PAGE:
In the castle, I started looking for (and promptly found) the stairs that led down into the dungeon. On the way down, I found a room with a chest that contained the blue boomerang. Ah, the trusty boomerang, a constant companion in my previous adventures, and a welcome addition to my small but growing arsenal. Not long after retrieving the boomerang, I found myself in the room where hapless victims were held, and there was the princess. Before releasing her, there was the minor inconvenience of killing the guard wielding the mace, but he didn't stand much of a chance (they never do, do they?). Zelda was appropriately happy for her release, and asked me to get her to the first floor of the dungeon, where she would have further instructions. With the princess in tow, I quickly traveled back from whence I came.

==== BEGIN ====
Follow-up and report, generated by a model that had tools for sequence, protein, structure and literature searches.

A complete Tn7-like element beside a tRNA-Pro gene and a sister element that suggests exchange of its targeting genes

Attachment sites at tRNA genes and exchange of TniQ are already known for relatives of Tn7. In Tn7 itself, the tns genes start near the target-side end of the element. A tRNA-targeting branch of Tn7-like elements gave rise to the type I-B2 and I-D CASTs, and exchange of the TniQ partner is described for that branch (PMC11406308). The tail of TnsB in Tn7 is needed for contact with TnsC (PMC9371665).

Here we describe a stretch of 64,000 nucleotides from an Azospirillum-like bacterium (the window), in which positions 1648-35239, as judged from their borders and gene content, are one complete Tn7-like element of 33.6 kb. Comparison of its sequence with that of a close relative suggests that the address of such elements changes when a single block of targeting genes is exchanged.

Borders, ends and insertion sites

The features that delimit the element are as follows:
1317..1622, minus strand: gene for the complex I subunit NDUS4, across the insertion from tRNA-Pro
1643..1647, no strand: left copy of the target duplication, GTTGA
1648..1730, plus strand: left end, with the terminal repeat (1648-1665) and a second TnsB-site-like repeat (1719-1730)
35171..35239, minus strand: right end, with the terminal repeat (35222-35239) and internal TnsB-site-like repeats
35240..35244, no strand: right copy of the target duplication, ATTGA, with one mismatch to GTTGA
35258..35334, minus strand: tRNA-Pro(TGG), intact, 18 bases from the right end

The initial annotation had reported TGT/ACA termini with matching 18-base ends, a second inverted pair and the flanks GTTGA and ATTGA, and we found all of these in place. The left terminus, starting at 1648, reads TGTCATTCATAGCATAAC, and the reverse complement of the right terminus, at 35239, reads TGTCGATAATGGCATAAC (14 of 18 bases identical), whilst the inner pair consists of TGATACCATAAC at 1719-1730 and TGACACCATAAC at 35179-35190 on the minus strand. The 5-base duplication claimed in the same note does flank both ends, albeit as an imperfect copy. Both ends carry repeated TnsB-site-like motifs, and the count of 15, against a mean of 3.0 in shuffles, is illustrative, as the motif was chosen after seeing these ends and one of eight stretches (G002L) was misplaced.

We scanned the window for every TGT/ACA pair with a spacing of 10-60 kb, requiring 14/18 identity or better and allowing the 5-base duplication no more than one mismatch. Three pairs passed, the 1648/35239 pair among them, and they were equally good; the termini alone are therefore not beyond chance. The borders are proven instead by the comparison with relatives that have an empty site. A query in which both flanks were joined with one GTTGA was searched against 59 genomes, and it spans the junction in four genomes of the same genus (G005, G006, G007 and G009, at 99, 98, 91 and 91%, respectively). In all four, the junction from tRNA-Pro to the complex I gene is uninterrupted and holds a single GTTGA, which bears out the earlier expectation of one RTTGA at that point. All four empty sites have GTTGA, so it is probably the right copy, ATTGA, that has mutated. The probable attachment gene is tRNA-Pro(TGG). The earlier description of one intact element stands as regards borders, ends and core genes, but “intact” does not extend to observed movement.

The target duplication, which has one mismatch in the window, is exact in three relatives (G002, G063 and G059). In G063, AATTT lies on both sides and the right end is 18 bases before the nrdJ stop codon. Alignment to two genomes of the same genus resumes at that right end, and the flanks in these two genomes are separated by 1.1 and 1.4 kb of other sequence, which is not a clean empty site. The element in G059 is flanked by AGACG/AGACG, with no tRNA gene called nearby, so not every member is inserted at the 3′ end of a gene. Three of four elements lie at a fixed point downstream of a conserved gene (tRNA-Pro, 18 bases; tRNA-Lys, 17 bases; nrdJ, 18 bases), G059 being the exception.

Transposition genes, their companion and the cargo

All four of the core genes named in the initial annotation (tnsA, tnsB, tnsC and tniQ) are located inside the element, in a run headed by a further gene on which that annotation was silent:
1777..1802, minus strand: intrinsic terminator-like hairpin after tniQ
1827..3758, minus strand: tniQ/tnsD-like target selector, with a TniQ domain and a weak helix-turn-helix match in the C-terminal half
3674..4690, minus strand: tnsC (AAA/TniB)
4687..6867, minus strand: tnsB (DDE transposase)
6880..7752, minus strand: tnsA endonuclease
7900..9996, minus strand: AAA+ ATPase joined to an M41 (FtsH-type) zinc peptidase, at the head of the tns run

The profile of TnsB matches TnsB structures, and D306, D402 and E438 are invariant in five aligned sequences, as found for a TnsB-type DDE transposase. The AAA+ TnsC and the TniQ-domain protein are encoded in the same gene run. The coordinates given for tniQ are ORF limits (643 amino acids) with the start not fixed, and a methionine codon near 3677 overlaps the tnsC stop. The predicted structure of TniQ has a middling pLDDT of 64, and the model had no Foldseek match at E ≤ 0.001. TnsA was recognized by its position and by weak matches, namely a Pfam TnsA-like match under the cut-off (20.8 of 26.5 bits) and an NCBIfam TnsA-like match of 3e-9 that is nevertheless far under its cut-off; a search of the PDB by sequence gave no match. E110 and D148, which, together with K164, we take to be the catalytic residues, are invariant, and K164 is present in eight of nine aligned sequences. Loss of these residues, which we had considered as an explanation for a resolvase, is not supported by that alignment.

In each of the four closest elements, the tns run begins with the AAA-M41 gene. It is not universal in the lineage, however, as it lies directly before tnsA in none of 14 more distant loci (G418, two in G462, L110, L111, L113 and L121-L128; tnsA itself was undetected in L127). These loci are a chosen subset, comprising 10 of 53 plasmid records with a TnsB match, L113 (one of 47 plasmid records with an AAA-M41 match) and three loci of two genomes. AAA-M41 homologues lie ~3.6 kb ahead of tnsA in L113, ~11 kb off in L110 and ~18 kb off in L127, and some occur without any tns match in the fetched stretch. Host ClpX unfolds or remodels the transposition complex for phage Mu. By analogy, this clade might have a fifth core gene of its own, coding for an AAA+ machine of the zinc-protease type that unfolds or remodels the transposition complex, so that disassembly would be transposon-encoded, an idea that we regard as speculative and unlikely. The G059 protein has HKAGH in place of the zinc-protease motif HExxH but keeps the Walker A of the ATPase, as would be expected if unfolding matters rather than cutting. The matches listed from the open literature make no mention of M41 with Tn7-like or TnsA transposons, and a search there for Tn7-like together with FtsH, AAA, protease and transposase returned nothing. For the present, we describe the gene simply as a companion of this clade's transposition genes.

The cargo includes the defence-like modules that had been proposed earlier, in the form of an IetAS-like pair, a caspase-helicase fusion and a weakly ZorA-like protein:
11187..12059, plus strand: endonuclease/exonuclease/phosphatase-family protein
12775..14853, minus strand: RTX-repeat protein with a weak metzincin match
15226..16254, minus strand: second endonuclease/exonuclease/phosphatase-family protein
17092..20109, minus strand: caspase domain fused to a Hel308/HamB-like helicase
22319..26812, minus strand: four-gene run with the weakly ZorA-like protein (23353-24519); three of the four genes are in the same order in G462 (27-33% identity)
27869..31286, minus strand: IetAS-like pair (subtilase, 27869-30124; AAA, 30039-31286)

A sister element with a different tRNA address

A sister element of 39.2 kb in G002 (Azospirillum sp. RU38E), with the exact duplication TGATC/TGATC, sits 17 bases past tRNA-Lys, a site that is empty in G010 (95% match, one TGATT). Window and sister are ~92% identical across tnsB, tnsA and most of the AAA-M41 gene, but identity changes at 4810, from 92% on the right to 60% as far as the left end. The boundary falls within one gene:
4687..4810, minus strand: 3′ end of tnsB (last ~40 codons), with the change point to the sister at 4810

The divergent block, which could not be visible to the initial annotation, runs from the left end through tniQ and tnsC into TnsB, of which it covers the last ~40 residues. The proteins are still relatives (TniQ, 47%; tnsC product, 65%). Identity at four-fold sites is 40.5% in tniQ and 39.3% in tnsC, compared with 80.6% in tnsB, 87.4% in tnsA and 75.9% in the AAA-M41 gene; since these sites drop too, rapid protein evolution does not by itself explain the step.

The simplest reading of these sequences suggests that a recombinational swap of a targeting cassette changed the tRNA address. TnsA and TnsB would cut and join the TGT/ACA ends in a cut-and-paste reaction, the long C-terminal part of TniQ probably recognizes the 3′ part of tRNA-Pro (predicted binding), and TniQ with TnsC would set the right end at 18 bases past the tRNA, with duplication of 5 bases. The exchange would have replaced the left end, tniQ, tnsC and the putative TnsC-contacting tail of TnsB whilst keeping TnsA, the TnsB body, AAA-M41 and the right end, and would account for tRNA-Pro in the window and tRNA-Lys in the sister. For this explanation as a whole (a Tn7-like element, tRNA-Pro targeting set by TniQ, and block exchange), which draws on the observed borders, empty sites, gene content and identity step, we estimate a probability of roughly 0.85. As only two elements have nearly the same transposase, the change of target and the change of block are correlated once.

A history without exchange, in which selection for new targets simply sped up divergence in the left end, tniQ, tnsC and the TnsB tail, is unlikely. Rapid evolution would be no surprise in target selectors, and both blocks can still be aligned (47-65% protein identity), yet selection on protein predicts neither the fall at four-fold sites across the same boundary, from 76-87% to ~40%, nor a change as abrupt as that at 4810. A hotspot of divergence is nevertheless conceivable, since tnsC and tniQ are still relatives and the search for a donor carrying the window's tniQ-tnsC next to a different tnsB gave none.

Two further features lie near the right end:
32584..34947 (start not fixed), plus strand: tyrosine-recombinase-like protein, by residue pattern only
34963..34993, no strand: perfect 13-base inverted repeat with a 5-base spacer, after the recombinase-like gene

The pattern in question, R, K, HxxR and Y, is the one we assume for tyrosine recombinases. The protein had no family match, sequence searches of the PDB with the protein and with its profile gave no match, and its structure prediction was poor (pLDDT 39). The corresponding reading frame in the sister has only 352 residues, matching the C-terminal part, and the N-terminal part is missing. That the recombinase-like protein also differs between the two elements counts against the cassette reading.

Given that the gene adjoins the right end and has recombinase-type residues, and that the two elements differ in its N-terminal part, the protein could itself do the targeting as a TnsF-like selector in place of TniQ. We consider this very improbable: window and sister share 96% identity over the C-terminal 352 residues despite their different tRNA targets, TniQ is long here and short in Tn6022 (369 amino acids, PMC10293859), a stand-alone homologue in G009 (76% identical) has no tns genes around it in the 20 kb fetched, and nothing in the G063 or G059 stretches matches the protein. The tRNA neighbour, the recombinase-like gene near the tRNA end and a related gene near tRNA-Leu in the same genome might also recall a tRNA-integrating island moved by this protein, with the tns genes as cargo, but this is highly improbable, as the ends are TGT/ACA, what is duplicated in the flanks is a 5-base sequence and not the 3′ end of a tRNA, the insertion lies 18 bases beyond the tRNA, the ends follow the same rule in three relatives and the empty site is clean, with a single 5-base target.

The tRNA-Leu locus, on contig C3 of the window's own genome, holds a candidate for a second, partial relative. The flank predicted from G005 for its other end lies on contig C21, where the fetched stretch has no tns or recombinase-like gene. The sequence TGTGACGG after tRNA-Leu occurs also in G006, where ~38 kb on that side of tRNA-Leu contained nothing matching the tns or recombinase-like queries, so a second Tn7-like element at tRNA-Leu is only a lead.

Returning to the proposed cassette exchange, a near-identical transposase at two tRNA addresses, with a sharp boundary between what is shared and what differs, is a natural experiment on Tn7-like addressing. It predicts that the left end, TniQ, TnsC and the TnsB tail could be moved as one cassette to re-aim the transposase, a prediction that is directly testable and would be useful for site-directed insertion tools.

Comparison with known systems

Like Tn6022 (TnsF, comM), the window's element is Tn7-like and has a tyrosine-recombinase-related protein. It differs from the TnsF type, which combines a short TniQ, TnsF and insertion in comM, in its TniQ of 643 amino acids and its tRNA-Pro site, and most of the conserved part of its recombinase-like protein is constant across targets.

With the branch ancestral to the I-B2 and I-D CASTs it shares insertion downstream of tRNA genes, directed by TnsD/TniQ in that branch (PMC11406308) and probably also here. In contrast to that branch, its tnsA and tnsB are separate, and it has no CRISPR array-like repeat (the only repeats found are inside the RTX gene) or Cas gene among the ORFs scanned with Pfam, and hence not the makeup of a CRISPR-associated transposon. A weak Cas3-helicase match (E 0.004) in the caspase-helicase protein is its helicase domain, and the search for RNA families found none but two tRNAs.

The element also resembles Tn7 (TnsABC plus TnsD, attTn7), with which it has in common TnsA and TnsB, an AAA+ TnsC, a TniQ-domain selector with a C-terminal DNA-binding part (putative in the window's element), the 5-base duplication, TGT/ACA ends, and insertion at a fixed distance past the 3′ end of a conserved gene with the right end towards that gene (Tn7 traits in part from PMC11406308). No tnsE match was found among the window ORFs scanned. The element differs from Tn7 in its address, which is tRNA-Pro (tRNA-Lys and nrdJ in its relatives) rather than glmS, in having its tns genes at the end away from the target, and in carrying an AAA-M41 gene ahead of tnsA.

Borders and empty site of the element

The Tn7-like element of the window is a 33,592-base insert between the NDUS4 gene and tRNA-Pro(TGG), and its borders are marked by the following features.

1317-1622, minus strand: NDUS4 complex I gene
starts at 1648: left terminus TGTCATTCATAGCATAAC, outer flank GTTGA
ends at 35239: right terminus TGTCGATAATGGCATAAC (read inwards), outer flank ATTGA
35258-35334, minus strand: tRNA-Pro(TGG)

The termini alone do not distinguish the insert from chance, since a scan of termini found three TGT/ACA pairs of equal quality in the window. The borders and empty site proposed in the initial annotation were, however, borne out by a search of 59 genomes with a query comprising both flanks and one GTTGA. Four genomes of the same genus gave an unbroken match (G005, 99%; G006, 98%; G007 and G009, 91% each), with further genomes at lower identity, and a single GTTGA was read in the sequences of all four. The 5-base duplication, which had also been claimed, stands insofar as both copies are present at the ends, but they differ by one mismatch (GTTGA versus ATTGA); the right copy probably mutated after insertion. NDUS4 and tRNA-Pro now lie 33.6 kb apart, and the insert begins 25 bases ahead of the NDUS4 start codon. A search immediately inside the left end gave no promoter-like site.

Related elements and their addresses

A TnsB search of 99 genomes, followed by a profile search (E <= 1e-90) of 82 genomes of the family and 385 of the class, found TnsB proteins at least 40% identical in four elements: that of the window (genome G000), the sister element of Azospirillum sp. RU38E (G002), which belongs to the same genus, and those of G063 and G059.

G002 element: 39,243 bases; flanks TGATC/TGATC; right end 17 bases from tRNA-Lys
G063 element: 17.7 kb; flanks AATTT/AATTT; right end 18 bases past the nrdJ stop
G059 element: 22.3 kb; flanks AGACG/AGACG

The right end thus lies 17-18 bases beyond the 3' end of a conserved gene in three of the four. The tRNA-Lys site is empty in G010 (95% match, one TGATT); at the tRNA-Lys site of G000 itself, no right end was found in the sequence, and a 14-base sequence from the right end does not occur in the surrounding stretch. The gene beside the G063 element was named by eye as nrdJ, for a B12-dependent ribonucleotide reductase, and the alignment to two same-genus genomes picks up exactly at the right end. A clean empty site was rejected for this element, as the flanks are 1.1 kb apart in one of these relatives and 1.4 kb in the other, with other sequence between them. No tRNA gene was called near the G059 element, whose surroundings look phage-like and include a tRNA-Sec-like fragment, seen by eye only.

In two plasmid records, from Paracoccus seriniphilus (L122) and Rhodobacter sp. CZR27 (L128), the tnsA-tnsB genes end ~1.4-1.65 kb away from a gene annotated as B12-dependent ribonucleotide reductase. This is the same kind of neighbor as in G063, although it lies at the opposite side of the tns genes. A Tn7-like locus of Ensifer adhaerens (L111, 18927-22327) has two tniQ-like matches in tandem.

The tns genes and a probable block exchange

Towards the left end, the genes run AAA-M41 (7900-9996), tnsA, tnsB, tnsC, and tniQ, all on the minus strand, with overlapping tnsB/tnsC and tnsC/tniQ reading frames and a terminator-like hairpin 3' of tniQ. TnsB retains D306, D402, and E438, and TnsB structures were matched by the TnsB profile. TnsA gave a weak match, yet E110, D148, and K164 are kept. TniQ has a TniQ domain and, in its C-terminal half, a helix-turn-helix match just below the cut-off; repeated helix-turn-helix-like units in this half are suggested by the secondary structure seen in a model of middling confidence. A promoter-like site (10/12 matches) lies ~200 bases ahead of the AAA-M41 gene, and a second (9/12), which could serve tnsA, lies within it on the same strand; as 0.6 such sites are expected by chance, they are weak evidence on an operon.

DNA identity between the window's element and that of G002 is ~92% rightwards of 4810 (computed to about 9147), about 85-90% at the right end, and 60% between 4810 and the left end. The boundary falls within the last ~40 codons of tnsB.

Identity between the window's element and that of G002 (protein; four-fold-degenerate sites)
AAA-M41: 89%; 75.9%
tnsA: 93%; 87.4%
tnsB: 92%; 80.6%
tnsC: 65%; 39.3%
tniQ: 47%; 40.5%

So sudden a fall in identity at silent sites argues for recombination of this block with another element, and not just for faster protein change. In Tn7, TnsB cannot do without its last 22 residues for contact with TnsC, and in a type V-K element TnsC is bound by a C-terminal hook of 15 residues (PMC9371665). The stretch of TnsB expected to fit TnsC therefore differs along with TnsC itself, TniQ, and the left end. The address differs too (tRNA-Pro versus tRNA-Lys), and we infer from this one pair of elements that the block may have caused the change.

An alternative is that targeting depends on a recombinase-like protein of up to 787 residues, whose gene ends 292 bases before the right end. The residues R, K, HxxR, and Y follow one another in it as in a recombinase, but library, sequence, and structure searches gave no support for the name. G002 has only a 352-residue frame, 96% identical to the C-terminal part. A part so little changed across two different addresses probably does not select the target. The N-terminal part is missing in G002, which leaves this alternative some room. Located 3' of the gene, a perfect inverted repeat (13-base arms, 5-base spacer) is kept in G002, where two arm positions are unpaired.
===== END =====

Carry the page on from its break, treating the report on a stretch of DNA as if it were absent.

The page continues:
At the appointed floor, the princess informed me that there was a secret passage in the throne room that would lead us to safety. I was all for that, so we double-timed it to the throne room. With her help, we pushed away a display and entered the secret passage. This passage required the use of a lantern (good thing I was nosy before leaving the house!), and contained many rats, bats and snakes. Traveling downward, we made to the sewers below the palace, where the princess said that we weren't far from the passage that would take us to the Sanctuary, where there was apparently an old man who would help us. Her information turned out to be correct once more, and (aside from a room where I chose the wrong switch to open the door, and instead triggered a shower of snakes) it wasn't long before we were talking to the old man, who instructed me to visit the town elder (he was even kind enough to mark the location on my fancy overworld map with a flashing 'X'), and said that he'd keep the princess safe while I figured out how to break the hold the evil wizard Agahnim had on the guards and the palace. Opening a chest in the Sanctuary rewarded me with a heart container (hopefully the first of many).